‘Sanctions war’ cheerleader among top buyers of Russian fertilizers – RIA

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The US, India, and Brazil accounted for 60% of Moscow’s entire exports of the product in 2023, according to RIA Novosti

The US was among the three biggest importers of Russian fertilizers in 2023, RIA Novosti reported on Thursday, citing data from the UN Comtrade platform and trade statistics.

Despite being at the forefront of the Western sanctions war against Moscow, the US boosted fertilizer imports from Russia to 4.3 million tons last year, worth $1.6 billion – up from 2.5 million tons in the previous year, according to the agency’s calculations.

That made the US the third-biggest buyer, behind Russia’s BRICS partners Brazil and India.

Brazil retained its position as the main importer of Russian fertilizers in 2023, purchasing 9.4 million tons, worth roughly $4 billion. India followed, significantly increasing its purchases to 4.8 million tons, worth $2.2 billion, from 3.6 million in 2022.

When combined, Brazil, India, and the US accounted for roughly 60% of Russia’s overall fertilizer exports, which amounted to a total of 32 million tons worth almost $14 billion.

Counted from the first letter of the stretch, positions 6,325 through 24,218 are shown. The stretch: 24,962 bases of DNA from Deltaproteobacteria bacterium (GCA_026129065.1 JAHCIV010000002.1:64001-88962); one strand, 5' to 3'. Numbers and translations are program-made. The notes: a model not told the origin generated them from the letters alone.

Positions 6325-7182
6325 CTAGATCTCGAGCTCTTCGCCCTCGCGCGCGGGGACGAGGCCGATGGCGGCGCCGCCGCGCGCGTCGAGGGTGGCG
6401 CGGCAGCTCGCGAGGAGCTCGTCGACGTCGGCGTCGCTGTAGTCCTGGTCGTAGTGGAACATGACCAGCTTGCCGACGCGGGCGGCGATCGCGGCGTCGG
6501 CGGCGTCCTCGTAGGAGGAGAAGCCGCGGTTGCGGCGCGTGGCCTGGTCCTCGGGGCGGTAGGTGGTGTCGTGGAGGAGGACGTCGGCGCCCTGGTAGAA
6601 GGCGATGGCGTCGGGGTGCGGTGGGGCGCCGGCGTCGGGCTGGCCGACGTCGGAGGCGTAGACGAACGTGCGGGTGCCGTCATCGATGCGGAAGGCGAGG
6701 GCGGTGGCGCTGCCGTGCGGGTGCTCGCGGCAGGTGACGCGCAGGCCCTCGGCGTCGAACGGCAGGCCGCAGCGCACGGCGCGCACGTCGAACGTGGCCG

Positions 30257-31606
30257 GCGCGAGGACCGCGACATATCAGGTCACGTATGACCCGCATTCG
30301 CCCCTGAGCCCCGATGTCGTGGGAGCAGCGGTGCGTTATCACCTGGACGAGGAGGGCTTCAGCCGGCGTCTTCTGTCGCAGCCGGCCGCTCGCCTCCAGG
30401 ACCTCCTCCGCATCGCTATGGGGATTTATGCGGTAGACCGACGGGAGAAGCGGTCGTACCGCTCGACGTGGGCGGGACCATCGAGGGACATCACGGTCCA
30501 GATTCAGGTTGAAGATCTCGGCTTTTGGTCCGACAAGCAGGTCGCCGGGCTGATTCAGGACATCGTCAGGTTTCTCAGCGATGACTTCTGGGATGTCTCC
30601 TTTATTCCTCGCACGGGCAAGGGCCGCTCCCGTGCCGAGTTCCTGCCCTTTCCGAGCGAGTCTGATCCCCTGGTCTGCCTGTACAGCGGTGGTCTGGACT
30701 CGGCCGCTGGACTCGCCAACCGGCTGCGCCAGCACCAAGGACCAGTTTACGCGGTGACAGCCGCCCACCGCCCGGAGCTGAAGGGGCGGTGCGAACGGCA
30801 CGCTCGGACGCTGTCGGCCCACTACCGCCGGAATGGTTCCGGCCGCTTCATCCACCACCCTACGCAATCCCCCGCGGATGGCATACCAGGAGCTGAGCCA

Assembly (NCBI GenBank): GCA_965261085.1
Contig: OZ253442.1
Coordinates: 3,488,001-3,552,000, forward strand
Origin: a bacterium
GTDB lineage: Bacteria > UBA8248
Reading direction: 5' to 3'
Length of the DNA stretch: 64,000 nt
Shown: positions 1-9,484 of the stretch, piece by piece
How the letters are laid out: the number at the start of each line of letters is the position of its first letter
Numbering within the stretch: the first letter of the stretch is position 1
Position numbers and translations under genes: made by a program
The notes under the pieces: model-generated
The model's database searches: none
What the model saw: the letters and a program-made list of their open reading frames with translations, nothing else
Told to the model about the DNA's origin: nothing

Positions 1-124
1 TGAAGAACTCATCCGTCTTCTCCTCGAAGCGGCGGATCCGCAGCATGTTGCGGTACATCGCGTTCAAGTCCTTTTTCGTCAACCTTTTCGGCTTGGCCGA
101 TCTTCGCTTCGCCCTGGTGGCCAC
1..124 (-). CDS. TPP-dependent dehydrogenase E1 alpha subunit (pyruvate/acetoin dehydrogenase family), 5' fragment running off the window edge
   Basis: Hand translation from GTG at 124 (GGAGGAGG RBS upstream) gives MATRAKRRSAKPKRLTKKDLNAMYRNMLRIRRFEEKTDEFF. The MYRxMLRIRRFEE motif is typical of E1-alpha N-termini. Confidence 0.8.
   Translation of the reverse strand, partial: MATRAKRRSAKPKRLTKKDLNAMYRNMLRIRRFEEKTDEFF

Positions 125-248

Other major buyers of Russian fertilizers included China, with an import volume of 2.1 million tons ($892 million), and Indonesia with 1.1 million tons ($481 million). Türkiye, Denmark, Germany, France, and Malaysia were also among the top purchasers.

Moscow faced unprecedented sanctions from the West following the start of the Ukraine conflict in early 2022. While Russian fertilizers and grain have not been directly targeted by restrictive measures, their export has been affected by financial, shipping, and insurance constraints placed on Moscow.

Consequently, Russia’s fertilizer exports dropped to roughly 27 million tons in 2022 from 32.3 million in 2021. It has since remedied the situation by gradually redirecting a significant part of shipments to ‘friendly’ nations that did not join sanctions. Moscow has also repeatedly called for restrictions affecting its agricultural trade to be lifted, warning of potentially dire consequences for global food security.

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